On the fourth floor of a harbourside mall on Grand Cayman, not far from touristy scuba-diving outlets and a jerk-chicken shack, is the offshored home of ride-hailing company DiDi Global, one of China’s biggest technology firms. A few doors down are the Internet companies Baidu and Meituan; Alibaba Group Holding is registered at a PO (post office) box up the street, right across from Singh’s Roti Shop & Bar.

The Caribbean footholds, essentially leased mailing addresses, have no operational value but have made it easier for Chinese unicorns to attract European and American investors. They have been a bridge between East and West, a sunny symbol of the freewheeling capitalism tolerated by the Chinese Communist Party (CCP) as the cost of allowing its homegrown juggernauts to compete with their US counterparts. DiDi’s presence there was needed for it to go public on the New York Stock Exchange on June 30. Chinese companies saw multiple benefits to gaining access to the US. When DiDi opened a research campus in California in 2017, founder and CEO Cheng Wei gushed about the company’s “new home ... alongside the greatest technology companies in the world”. Together, they were embarking on a “great journey”.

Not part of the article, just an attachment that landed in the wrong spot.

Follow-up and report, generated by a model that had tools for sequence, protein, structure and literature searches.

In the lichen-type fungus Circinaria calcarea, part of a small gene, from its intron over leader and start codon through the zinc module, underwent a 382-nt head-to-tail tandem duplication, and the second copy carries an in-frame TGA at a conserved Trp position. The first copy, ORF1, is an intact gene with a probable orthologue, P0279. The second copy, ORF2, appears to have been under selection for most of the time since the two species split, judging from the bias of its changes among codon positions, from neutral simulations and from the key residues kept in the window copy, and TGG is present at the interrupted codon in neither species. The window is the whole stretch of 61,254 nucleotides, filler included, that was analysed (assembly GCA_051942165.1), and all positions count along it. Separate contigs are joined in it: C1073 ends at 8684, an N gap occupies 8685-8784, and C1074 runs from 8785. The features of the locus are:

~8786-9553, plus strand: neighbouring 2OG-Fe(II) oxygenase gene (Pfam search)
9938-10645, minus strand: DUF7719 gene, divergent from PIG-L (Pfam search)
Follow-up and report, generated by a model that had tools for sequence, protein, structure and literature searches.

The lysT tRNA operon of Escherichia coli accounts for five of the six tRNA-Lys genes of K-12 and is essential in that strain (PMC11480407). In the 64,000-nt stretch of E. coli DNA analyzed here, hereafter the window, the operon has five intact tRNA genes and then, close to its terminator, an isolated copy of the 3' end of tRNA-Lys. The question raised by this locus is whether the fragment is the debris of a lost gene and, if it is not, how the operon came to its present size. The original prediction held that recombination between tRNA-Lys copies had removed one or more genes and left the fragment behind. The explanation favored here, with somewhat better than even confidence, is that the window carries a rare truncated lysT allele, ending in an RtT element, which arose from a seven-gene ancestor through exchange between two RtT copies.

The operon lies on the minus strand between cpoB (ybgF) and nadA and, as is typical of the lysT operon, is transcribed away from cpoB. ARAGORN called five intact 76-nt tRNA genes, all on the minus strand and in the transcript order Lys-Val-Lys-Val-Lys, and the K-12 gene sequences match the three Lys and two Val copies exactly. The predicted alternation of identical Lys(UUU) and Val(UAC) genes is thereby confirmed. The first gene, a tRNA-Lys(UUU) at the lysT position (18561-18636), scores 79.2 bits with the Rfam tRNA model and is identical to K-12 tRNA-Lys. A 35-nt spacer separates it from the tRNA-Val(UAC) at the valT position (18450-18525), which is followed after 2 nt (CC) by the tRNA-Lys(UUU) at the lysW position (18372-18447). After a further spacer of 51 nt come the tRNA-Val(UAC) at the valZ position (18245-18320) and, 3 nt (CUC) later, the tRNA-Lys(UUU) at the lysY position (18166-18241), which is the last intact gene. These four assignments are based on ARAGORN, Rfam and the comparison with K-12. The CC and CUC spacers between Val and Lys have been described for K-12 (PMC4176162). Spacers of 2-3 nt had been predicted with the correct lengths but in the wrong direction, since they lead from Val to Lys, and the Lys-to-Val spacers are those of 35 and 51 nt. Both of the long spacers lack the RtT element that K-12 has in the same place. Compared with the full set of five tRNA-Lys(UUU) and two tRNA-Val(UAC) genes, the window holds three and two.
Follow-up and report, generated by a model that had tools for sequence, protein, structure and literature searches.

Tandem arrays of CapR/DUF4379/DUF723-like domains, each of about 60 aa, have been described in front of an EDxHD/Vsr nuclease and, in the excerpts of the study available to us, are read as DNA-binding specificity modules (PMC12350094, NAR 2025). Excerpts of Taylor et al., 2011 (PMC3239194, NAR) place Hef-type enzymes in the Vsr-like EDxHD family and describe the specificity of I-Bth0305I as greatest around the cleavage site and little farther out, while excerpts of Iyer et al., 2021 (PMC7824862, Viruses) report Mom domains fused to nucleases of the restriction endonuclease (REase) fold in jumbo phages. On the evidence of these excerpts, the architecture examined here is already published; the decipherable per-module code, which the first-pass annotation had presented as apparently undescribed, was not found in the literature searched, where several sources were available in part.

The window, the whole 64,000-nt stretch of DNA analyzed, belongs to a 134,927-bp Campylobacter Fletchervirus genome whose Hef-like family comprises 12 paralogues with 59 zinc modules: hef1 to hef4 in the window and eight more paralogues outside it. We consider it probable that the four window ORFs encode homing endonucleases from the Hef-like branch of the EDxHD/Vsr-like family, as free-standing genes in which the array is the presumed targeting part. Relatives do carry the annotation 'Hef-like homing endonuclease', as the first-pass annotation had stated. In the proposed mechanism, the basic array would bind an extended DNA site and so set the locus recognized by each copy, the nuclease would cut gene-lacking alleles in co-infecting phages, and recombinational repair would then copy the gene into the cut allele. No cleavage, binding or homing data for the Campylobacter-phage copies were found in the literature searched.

But this journey started veering off course in October when Alibaba co-founder Jack Ma, one of the country’s most visible billionaires, blasted Chinese regulators for stifling innovation. President Xi Jinping’s government responded by squashing Ma’s plan to take Alibaba’s FinTech offshoot, Ant Group, public and initiating an antitrust case against Alibaba. Ma disappeared from public view, his fortune dwindled, and murmurs began about a broader realignment in the relationship between China’s government and its biggest companies.

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